Everything You Need To Know About Voting In Canada's Federal Election
Get in Canada, we're going voting.
Hey Canada. There's a federal election on October 19, and you're gonna vote in it. Only 61% of you voted in the last one, and that's not enough and it was pretty embarrassing. If there were an NHL ranking for voter turnout, we would suck more than the Toronto Maple Leafs.
And I think we can all agree, as a nation, that we should be better than the Leafs.
It's 2015 and voting should be easy. But, thanks to the Fair Elections Act there are exciting new laws for how you can vote, when you can vote, and what you can use to prove you're allowed to vote. And I know this is going to shock the pants off you, but by some fantastic coincidence, the people most impacted by these laws—like students, the elderly, First Nations, new citizens and the urban poor—are the least likely to vote for the party who made these laws.
As Alanis Morissette would say...
Who Gets To Vote?
If you are:
- A Canadian citizen
- 18 years or over by October 19, 2015
- Who can prove your identity and address
Then you're one of more than 23 million Canadians who can vote in this election, if you bring the right ID.
OK, I can vote. What do I need to bring?
Voting requires a single piece of ID that has your full name on it PLUS your current address. If you don't have one of those, you need two pieces of ID, and one of them HAS TO HAVE your full name and the other HAS TO HAVE your current address on it.
Oh, and the voter registration card you get from Elections Canada with your address on it? That doesn't count anymore. It's one of the biggest changes this election, and it has the potential to confuse a lot of people.
Fortunately, there are more than 40 other types of ID you can use instead, like a Birth Certificate, Social Insurance Card, Status Card, fishing license, prescription pill bottle, utility bill, Canadian Forces ID card, blood donor card, personal cheque, vehicle registration, Band Membership card or a library card. Check out the full list at this link, or below:
But I'm a student/living in care/in the Canadian forces/living abroad/homeless! What do I do?
Don't sweat it. Elections Canada has you covered.
Are you a first-time voter or student? There's a special section of the Elections Canada website just for you.
If you're a student in residence, elder in long-term care or homeless person living in a shelter without a permanent address you can still vote, but it's a little more complicated.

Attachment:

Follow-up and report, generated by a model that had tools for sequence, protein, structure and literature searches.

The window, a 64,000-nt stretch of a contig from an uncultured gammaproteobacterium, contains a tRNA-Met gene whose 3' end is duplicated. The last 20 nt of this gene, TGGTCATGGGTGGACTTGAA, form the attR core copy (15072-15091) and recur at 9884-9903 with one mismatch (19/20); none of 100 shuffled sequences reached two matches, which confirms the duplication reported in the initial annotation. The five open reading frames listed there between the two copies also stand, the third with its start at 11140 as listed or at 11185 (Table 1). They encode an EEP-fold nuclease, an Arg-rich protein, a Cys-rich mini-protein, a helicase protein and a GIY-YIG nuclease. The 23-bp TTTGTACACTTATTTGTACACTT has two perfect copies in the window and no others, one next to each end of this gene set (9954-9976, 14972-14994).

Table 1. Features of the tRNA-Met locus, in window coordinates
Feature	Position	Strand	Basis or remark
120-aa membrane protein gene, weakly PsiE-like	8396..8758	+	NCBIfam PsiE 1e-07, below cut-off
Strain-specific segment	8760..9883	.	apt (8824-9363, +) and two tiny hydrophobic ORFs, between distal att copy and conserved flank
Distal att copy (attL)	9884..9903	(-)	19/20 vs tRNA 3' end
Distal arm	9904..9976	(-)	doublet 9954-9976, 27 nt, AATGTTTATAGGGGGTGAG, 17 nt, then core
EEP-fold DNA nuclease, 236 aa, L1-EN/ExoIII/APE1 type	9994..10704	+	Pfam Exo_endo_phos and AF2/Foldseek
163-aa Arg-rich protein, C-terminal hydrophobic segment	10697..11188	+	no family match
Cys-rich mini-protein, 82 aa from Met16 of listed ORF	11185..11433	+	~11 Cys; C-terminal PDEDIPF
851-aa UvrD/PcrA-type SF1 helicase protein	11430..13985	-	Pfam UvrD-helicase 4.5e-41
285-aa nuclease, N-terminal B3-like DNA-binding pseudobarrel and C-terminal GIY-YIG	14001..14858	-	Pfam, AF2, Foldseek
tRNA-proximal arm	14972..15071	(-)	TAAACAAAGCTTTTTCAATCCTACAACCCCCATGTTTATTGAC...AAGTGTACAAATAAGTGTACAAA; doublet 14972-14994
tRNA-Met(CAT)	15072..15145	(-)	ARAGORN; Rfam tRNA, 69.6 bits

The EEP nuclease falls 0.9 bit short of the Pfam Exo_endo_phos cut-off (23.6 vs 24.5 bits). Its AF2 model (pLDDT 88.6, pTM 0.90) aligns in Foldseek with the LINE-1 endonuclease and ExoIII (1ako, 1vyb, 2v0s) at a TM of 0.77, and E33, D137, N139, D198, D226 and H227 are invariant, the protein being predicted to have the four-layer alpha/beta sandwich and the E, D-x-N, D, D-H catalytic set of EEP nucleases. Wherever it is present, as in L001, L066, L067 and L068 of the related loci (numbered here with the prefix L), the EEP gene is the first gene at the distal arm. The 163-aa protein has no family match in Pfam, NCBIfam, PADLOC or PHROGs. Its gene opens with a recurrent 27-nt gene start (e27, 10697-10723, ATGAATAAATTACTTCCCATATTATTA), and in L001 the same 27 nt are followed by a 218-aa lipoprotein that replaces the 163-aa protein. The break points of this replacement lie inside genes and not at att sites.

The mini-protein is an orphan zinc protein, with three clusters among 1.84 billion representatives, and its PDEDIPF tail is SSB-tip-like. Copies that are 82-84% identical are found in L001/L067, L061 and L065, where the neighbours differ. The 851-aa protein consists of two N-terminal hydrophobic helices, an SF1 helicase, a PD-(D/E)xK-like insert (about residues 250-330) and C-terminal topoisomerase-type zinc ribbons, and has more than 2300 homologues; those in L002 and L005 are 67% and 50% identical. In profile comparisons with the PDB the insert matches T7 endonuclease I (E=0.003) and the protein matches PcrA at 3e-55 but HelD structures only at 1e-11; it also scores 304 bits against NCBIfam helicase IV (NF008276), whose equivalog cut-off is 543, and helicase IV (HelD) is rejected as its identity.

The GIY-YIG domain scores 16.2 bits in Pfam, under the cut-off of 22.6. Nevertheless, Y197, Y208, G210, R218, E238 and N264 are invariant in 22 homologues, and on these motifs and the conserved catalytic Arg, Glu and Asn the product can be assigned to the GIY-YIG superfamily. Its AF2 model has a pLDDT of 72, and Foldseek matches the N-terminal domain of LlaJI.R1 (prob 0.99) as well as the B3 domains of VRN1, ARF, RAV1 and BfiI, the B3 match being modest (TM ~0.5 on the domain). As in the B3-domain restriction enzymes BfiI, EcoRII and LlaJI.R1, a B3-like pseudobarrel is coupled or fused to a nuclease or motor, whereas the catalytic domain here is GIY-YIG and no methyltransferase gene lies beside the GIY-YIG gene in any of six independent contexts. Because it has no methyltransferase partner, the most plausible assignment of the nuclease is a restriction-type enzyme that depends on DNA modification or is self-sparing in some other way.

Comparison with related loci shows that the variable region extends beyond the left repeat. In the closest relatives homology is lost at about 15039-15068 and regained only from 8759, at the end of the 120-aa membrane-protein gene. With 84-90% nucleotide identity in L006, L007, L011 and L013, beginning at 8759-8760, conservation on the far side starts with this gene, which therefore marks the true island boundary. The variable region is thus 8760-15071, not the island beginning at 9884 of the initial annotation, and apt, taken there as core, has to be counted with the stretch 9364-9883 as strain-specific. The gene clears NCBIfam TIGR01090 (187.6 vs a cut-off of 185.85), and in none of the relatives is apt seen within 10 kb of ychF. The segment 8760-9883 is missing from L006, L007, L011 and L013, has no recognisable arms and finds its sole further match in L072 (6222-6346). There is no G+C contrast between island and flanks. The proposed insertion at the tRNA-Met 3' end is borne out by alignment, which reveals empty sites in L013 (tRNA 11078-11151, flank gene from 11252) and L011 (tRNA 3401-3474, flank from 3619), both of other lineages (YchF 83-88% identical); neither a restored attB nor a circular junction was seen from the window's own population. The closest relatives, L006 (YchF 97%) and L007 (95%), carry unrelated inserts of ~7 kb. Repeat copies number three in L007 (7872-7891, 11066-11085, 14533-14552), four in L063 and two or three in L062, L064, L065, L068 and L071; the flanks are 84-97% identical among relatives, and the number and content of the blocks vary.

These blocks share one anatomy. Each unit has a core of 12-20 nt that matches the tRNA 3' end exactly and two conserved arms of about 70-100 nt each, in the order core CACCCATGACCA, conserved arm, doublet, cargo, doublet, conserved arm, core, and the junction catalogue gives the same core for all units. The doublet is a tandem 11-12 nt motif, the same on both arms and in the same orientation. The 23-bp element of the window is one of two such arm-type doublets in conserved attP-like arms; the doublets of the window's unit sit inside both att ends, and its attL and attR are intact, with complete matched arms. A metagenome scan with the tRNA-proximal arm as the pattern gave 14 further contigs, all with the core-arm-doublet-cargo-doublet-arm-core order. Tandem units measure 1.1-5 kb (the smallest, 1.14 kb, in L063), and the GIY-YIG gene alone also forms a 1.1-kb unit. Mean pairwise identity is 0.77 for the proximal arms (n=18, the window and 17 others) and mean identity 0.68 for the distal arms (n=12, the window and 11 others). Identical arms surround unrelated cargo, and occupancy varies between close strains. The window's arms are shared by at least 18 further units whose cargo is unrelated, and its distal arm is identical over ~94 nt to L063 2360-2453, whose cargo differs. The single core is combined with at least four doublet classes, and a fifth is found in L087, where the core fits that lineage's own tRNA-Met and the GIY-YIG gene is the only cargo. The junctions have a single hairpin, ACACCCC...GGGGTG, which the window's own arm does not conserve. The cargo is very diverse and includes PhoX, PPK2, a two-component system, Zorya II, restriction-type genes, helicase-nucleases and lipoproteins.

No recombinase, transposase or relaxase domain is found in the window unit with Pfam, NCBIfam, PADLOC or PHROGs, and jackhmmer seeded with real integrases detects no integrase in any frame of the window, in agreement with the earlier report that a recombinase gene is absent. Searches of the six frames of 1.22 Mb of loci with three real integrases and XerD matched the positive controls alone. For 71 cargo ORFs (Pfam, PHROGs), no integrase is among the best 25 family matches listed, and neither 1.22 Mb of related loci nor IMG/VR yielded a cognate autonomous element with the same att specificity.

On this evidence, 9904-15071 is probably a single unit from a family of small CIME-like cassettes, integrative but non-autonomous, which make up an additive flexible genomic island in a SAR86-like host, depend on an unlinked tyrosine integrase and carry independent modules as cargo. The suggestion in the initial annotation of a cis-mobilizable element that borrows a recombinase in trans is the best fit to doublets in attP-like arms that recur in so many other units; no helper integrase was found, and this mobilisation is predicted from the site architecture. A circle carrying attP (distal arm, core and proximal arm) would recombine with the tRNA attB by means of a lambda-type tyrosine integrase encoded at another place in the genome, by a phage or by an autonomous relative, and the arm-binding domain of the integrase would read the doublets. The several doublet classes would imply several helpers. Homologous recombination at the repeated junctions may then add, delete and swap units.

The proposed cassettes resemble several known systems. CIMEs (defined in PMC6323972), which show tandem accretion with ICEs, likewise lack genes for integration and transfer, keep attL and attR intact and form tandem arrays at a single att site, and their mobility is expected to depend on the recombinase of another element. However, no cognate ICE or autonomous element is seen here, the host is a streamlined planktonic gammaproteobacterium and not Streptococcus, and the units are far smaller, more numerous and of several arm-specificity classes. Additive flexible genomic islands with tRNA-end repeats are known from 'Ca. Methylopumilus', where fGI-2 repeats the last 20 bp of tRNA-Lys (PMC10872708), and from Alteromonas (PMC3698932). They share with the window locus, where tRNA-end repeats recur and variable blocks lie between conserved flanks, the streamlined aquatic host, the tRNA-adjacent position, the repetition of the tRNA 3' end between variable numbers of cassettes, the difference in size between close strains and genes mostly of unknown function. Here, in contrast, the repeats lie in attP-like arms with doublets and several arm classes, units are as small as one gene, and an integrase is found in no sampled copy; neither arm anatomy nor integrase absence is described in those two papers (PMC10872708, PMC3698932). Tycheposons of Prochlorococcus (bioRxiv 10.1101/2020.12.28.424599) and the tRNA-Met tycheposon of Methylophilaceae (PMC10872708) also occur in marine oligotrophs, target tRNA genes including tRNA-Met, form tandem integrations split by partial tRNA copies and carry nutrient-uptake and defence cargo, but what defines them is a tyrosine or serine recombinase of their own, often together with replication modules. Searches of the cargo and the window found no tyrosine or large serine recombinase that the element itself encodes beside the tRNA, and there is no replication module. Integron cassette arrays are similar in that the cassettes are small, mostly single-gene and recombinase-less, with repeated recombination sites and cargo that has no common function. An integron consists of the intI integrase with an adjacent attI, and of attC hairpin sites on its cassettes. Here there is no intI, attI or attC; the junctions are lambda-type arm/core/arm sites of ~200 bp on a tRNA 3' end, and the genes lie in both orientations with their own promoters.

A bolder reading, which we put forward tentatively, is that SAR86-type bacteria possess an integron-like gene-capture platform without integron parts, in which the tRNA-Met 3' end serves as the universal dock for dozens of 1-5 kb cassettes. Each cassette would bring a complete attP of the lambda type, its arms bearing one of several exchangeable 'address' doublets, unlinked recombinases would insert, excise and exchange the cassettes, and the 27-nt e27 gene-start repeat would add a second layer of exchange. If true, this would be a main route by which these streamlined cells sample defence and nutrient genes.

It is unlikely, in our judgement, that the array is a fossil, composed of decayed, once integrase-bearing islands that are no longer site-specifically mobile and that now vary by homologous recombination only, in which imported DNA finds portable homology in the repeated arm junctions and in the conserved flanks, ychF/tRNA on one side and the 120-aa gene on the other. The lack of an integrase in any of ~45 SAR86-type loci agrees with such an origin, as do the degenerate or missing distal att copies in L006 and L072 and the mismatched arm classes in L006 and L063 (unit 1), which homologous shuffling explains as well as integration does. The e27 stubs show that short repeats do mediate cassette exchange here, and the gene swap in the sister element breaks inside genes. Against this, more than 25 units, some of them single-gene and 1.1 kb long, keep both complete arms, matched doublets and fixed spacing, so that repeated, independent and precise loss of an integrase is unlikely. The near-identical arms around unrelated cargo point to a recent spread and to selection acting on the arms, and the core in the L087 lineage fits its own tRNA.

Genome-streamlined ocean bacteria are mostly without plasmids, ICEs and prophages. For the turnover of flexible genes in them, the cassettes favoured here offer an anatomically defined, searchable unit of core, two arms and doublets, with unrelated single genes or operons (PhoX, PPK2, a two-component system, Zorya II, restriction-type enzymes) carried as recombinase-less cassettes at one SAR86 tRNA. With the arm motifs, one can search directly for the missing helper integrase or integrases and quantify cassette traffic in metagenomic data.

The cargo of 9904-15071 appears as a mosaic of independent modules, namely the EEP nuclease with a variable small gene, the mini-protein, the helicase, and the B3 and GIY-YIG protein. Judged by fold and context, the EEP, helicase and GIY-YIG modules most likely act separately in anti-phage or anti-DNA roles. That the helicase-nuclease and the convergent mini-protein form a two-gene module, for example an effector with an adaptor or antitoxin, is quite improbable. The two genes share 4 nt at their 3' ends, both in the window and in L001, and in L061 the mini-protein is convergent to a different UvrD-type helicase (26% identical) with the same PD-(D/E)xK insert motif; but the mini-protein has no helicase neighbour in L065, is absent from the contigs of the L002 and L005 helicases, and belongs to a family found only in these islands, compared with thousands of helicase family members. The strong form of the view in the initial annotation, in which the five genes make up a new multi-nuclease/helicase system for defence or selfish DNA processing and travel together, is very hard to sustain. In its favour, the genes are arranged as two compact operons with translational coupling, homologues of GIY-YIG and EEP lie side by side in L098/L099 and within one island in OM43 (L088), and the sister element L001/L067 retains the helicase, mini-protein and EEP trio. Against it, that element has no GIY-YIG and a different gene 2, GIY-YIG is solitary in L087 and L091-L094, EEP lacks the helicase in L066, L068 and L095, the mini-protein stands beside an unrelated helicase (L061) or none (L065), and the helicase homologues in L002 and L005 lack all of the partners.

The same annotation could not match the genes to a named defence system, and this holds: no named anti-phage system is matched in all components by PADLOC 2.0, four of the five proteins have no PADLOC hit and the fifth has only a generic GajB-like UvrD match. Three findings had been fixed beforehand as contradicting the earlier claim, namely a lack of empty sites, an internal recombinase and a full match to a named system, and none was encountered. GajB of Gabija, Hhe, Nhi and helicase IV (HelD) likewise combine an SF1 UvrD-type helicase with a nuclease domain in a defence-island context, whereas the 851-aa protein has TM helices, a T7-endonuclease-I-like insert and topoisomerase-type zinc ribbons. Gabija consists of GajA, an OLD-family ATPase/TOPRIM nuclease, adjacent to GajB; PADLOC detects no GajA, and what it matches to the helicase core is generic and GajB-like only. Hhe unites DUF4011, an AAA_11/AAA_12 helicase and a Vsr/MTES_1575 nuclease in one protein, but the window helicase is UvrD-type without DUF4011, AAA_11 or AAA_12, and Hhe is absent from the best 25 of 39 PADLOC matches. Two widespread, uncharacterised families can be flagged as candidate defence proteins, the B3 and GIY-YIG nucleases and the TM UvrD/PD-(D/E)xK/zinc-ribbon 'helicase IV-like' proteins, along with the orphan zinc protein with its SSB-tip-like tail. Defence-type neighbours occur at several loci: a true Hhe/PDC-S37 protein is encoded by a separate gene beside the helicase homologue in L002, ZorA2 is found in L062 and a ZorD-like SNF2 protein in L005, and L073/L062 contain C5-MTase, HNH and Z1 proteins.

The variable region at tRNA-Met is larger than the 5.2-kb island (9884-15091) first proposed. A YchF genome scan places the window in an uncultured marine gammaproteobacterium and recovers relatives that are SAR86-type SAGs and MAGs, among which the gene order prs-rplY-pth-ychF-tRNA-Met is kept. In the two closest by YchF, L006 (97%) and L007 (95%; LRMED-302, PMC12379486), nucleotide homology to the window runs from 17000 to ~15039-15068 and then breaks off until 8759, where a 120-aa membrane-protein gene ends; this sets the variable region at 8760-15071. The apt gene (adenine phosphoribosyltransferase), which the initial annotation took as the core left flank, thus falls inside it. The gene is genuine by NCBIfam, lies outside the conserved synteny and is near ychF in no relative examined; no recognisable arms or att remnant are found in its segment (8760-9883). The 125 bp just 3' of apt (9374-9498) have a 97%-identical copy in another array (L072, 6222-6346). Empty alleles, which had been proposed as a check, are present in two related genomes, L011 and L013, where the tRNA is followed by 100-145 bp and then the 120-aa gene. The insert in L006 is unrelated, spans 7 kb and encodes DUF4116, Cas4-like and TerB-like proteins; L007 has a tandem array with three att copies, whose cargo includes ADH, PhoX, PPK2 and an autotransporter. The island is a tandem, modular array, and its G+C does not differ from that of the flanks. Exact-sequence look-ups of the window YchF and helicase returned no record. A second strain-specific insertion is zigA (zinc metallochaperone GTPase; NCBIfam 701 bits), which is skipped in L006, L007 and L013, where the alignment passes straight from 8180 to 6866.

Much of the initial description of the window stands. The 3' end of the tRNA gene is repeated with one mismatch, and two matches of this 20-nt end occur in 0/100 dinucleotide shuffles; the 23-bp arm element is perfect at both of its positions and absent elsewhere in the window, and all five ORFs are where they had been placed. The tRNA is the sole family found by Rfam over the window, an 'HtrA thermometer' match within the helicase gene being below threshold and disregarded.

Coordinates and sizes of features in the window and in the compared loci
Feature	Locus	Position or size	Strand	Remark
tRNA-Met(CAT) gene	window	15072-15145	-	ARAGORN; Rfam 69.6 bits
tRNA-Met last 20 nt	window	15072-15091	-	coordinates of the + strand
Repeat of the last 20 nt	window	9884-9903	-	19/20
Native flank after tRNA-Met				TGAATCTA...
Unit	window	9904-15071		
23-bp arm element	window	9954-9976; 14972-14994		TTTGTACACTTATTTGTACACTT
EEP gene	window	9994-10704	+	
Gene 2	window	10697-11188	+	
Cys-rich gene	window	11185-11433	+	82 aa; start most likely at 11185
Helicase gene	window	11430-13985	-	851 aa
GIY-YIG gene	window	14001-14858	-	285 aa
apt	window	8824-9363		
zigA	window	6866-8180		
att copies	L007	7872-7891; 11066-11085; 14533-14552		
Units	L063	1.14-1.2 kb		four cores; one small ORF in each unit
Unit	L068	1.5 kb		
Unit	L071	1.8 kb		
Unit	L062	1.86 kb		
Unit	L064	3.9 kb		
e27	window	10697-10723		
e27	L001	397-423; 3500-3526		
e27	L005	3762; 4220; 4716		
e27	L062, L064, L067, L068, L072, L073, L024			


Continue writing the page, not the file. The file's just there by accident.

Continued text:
You can get a signed letter from your facility administrator confirming you live or receive services there. That's the easiest way, since it allows you to plan ahead.
But even if you're reading this on October 18, and didn't get a letter (or you tried to get a letter but found out that your administrator forgot to register with Elections Canada ahead of time — because for some reason they have to do that) you're still OK.
Instead, you'll need to bring three things to the poll. 2 pieces of ID, and a registered voter friend living in the same polling district in your riding. That friend is going to swear an oath saying you also live in the riding and are OK to vote.
But don't think you can bring one friend for a whole group of people, because thanks to our gloriously fair new election rules, your friend can only vouch for one person - you. Other friends need to bring their own oathkeeper. That's the law, and it's stupid.
I have my ID ready. When can I vote?
Are you ready to have your mind blown?
You can vote RIGHT NOW.
Seriously. YOU CAN VOTE RIGHT THIS VERY MINUTE (if said minute occurs between 9am-9pm Monday-Friday, 9am-6pm Saturdays and 12Noon-4pm Sundays ) at one of 400 Elections Canada offices across the country. Check here to find the closest one to you. FYI - Those offices will be open until 6pm, October 13.
ALSO! From October 5-8, Elections Canada is also opening up special offices at select campuses, Friendship Centres and community centres across Canada where you can vote in advance. Here's a list of all of them.
Advance Voting: October 9 - 12
Advance voting only happens on these 4 days! Check the Elections Canada website to find yours, or call them at 1-800-463-6868.
Election Day: October 19
This is it. Election Day. Polls are open from 8am - 8pm. And don't worry if you get off work at 7:30 and only get in line to vote at your polling place with two minutes to spare. They're legally obligated to let you vote as long as you're there before 8pm local time. Democracy!
Voting is your awesome, inalienable democratic right. It makes you smarter, healthier, more attractive and dramatically improves your sexual ability. Plus, most of the time, you get a sticker once you're done.